Greek deficit in 2010 higher than expected

11:00, April 27, 2011      

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Fiscal deficit of the Greek government stood at 10.5 percent of the country's gross domestic product (GDP), lower than the 15.4 percent in 2009 but markedly above the 9.6 percent previously forecast, official figures showed on Tuesday.

Meanwhile Greece's public debt grew from 127.1 percent of GDP to 142.8 percent, the highest level among the 17 European Union (EU) nations that use the euro, the EU's statistics office Eurostat said.

Greece was forced to ask for a bailout from the EU and the International Monetary Fund (IMF) in May last year after the country could not refinance its huge debts at punitively high rate in the financial markets due to its fiscal woes.

Despite the bailout, investors today remain unconvinced that Athens could get out of the sovereign debt crisis. There had been widespread speculation that the Greek government would have no other choice but to restructure its debts since the country's sluggish economy could not make up the fiscal hole.

The European Commission had predicted in the fall that Greek fiscal deficit and public debt should be 9.6 percent of GDP and 140.2 percent of GDP respectively in 2010.

For the whole euro zone, government deficit on average decreased from 6.3 percent of GDP in 2009 to 6.0 percent in 2010, while public debt increased from 79.3 percent of GDP at the end of 2009 to 85.1 percent at the end of 2010, Eurostat said.

Ireland, the second eurozone member which fell prey to debt crisis, recorded the highest deficit rate of 32.4 percent last year after Dublin had to pay a huge sum of money to save its banking sector amid a burst of the country's real estate bubble.

Public debt in Ireland also rose significantly from 65.6 percent of GDP in 2009 to 96.2 percent in 2010.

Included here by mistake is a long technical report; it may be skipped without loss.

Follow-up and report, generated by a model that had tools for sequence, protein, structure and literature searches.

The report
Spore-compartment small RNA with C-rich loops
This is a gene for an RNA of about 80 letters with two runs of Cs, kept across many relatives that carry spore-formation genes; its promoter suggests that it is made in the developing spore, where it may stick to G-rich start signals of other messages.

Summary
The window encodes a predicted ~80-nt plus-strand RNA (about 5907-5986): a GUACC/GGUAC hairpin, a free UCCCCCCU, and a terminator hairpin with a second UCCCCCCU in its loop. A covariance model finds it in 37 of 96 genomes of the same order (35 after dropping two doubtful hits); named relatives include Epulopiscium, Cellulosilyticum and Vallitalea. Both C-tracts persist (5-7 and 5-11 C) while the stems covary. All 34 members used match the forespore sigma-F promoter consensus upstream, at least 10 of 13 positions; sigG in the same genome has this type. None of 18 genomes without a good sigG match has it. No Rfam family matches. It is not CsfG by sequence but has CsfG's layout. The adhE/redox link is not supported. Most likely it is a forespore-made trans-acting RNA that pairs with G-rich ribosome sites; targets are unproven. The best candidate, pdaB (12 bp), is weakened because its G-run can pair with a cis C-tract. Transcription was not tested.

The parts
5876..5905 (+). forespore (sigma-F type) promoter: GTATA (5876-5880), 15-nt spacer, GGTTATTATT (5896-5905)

Portugal, which also asked for a bailout earlier this month, managed to reduce its fiscal deficit from 10.1 percent of GDP in 2009 to 9.1 percent in 2010, but its government debt jumped from 83 percent of GDP to 93 percent.

Lisbon was expected to wrap up its negotiations with the EU and the IMF on the terms of a bailout in mid-May, and the total bill may amount to 80 billion euros (117 billion U.S. dollars).

Germany, the largest economy in the euro zone, saw its fiscal situation worsen despite its strong recovery. The country's deficit increased from 3 percent in 2009 to 3.3 percent in 2010, breaching the EU's limit of 3 percent, while government debt swelled from 73.5 percent to 83.2 percent, also above the EU's limit of 60 percent.

For the 27-nation EU, government deficit decreased from 6.8 percent of GDP in 2009 to 6.4 percent in 2010, but government debt rose from 74.4 percent to 80 percent.

Fiscal deficit in Britain, a non-euro member, dropped from 11.4 percent in 2009 to 10.4 percent in 2010, and its government debt increased from 69.6 percent to 80 percent.

But Eurostat expressed reservations about the quality of the data reported by Britain, citing uncertainties on the time of recording of military expenditure.

"The United Kingdom does not record military expenditure on a delivery basis, as required," it said.

Among the 27 EU countries, 21 recorded an improvement in their government balance relative to GDP in 2010 compared with 2009 and six a worsening.

Estonia was the only country to see a surplus which amounted to 0.1 percent of GDP in 2010, and its government debt ratio was also the lowest in the EU, standing at 6.6 percent of GDP.

Source: Xinhua
 
 
     
 
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